Stephen King once said that he gets all his ideas by combining two disparate notions into a single story. In my experience, I’ve found this to hold true. Sometimes you have an idea but it isn’t a story all on its own. Maybe it doesn’t have the legs to support a second act or it just plain isn’t interesting enough.
However, if you get one screenwriting idea and try mixing it with other ideas you’ve had, the resulting concoctions can be incredibly inspiring or just downright brilliant. All my best scripts are those that started by combining disparate ideas into a cohesive whole.
Our brains need stimulation. Without it, we’d undoubtedly go mad. Having new things to consider and interact with sparks our neurons and helps put our minds into overdrive. How do you expect to come up with new screenwriting ideas when you’re in the same old room, in the same old chair, staring at the same old computer?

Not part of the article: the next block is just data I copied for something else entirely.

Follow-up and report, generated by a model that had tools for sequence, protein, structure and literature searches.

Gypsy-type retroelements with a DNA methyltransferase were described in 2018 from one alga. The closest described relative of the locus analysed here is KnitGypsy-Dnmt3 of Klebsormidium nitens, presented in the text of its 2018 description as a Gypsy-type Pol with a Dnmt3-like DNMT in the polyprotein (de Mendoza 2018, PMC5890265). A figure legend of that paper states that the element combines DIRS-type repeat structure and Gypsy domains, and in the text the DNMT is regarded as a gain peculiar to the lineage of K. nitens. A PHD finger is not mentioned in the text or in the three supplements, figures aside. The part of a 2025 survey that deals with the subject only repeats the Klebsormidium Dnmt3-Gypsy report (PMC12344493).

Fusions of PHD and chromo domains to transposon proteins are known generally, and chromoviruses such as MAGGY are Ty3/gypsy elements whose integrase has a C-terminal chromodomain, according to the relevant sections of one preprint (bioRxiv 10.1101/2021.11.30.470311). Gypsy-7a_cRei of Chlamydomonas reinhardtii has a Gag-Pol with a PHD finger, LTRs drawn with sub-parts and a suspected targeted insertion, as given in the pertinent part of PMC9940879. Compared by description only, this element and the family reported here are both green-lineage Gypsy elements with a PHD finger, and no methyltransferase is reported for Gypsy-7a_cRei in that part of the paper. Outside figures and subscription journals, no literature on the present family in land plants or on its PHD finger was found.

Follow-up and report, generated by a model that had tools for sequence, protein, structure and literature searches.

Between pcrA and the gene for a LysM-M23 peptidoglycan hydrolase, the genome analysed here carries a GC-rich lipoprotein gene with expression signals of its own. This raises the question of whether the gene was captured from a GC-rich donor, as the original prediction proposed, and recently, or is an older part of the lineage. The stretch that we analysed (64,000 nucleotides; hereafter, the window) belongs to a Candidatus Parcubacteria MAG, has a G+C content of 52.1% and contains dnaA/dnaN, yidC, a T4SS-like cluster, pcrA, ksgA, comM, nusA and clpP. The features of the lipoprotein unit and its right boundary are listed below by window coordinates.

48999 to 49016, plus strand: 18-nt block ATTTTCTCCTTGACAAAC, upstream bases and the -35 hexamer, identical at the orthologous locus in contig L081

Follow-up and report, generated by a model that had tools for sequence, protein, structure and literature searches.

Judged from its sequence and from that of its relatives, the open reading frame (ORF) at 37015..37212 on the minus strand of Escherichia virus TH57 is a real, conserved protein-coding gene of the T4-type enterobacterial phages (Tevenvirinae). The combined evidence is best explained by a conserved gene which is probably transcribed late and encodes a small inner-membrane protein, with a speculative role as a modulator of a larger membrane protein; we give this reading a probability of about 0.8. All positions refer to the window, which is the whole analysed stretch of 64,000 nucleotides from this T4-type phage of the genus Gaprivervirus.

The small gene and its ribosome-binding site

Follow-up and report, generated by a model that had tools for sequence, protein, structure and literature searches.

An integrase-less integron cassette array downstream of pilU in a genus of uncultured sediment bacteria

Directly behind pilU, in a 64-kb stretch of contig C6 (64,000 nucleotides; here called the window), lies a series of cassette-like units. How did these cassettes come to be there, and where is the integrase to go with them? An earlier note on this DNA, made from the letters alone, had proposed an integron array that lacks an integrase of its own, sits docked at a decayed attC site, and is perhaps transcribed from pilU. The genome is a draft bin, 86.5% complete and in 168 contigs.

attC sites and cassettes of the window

This is (I believe) one of the reasons why writers love coffee shops. They’re familiar spaces but they’re just different enough that it feels like a change of scenery. That feeling plus a hefty dose of caffeine can get those fingers typing in no time.
Writers need to be sponges. You should look at life with curiosity and openness, delighting in something new and interesting. You should always be learning and absorbing the world around you. Closing yourself off to the world is an easy way to lose inspiration. Try and take a genuine interest in the news, in your friend’s boring anecdotes, and in the important science article that’s rolled across your feed.
Being a sponge is like firing sparks into a barrel of gunpowder. Sure, one spark might not be enough to create an explosion of ideas, but the more sparks you allow to fly eventually one will strike and a new brilliant idea will form. Sticking to your comfort zone is the safest way to make sure that barrel never explodes.